The Resiliency of Parrots
– by Michele Wolf
I have had the great pleasure of being a foster home for many birds since we started MDPR. When they arrive into our care they are often leaving a life behind that has spanned decades and a person that they were very bonded with. Their world is new again and we do the best we can to make them comfortable during this big change.
There are many people who believe that moving an animal to a new home and family is a terrible and traumatizing experience for the animal, and I am sure that’s true in some cases. But change is a natural expectation in life for all species.
A disabled scarlett macaw came to us in March of this year after being with his owner for over 40 years and was coming out of a situation that had become stressful and somewhat neglectful. I am sure he was quite shell-shocked at first at my house, his new foster home, but right away he was eating the mash, veggies and pellets we gave him and chewing on some toys. He was allowed freedom from his cage to walk around and get the exercise he wasn’t before andvery quickly was willing to step up for me. Within two weeks he allowed me to pet his head.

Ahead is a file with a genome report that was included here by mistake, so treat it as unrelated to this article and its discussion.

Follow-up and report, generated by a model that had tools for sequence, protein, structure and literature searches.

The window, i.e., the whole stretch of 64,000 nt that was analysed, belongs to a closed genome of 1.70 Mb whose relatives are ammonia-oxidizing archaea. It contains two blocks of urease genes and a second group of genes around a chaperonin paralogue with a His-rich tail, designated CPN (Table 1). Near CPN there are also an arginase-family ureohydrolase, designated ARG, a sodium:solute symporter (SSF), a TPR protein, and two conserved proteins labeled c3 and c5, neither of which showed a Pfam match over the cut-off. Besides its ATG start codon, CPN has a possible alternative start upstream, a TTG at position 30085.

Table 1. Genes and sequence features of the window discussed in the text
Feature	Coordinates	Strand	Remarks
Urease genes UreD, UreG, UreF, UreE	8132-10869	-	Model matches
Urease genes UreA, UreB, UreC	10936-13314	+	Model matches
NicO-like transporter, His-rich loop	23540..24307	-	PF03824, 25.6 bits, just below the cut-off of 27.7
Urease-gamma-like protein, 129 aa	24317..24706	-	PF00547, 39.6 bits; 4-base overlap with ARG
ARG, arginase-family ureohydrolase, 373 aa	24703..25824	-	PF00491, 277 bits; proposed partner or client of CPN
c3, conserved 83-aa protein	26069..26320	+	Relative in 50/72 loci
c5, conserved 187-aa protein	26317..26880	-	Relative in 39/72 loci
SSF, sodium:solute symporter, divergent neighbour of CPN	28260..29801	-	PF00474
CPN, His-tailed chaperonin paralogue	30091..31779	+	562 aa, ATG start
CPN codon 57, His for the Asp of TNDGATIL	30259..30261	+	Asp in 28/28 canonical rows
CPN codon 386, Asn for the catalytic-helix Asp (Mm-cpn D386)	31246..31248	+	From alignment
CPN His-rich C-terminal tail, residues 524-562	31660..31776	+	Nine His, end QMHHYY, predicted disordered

Human lives are full of change; going from the home you were raised in to college, from college to new relationships, creating a new family, moves, career changes and new places. We don’t label all of these changes as traumatic, we fit them into our expectations that life will and should change.
So why would we think it’s different for parrots? Certainly change is a temporarily stressful experience for a parrot, however, it can open the door to a much better and enriched life, even with new people. They, just like us, can move on emotionally.
This macaw will soon be adopted and once again his move will be temporarily stressful, but after a brief adjustment period I have every belief that will be a positive change and that he will continue to flourish, bond with his family and enjoy life.